Investing.com – Texas Instruments (NASDAQ:TXN) stock slipped more than 4% in Thursday’s premarket trading amid concerns that demand for silicon chips is peaking.
The company said on Wednesday it expected sales to stagnate or decline a little in the current quarter, and management was evasive when asked on an earnings call if it thought its recent strong growth is susainable.
The chipmaker expects sales in the September quarter to come between $4.4 billion and $4.76 billion. Earnings per share is likely to be $1.87 to $2.13, the company said Wednesday while announcing its second-quarter results.
According to a poll by Bloomberg, analysts predicted profit of $1.97 a share and sales of $4.59 billion.
Bloomberg said the company’s management sidestepped repeated attempts by analysts to get its view on whether chip demand is peaking.
“Our job isn’t to predict the future, it’s to prepare the company so we can handle anything and we’ve done that,” Chief Financial Officer Rafael Lizardi told the wire service.
Texas, like other chipmakers, benefitted immensely from the emergence of work-from-home phenomenon that the pandemic forced on the people. Demand for mobiles, laptops, printers and several other digital gadgets boomed, and along with that, the demand for chips that go into them.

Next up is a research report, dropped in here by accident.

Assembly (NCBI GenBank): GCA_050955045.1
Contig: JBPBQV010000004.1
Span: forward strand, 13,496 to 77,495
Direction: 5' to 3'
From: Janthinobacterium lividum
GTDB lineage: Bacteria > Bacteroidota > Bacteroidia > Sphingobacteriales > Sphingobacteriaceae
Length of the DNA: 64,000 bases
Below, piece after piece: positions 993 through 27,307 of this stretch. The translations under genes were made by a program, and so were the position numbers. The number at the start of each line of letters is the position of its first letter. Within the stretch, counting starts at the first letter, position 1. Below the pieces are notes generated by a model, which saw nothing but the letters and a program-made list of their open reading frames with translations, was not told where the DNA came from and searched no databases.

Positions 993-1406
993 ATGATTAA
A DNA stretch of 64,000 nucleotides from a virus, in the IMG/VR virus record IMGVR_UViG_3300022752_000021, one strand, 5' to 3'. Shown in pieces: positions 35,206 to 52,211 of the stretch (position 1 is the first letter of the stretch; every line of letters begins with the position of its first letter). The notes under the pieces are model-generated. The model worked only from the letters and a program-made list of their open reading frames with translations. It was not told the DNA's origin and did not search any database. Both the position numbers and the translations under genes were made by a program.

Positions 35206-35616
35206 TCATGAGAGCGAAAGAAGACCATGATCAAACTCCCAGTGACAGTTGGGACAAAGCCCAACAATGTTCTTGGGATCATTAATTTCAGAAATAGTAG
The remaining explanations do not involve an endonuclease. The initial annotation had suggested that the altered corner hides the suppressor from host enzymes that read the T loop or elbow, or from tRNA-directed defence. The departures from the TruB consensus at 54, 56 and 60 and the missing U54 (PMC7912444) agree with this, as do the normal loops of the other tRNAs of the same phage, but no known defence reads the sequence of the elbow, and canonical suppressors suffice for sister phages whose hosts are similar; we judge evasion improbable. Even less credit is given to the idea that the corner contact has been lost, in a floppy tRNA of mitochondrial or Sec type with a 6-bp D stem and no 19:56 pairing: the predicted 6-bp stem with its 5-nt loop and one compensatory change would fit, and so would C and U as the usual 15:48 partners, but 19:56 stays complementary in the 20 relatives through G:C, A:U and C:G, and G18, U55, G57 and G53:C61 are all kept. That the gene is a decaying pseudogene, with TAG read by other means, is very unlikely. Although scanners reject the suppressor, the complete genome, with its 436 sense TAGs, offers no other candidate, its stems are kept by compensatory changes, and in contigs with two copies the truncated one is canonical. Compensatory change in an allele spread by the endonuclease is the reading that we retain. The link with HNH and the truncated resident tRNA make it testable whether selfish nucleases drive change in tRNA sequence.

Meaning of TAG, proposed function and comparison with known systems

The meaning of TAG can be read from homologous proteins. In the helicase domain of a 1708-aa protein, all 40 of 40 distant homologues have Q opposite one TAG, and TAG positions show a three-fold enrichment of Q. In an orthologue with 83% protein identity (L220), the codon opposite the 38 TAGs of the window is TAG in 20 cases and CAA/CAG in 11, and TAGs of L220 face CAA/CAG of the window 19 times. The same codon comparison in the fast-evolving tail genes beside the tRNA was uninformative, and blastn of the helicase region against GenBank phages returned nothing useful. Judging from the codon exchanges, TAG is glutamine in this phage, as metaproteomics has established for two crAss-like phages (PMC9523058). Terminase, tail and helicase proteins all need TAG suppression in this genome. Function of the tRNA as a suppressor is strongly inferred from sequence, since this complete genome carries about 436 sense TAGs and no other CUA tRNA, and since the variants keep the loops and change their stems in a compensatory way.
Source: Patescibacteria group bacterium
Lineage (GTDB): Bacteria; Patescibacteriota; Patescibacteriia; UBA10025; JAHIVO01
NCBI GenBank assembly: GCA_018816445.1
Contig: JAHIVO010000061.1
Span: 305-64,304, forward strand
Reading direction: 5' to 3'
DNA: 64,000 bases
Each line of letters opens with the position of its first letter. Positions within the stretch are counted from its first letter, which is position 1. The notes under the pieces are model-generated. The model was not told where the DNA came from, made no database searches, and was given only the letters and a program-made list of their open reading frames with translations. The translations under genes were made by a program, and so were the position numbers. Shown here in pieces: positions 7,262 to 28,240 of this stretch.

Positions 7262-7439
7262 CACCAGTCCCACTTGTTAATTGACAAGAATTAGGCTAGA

As offices open and a more blended form of home-office work takes over, many believe peak demand may be behind or nearing and thus the best of times for chipmakers like Texas Instruments may be over.
According to data from Susquehanna Research, it may be too early to say that though. The data shows that delivery lead times for chips are still growing.
Texas second-quarter revenue rose 41% year-on-year to $4.58 billion and EPS rose 39% to $2.05.
Demand from industrial, automotive and personal electronics industries was strong, driving revenue growth of 42% and 43% respectively in its two key businesses of analog and embedded processing chips.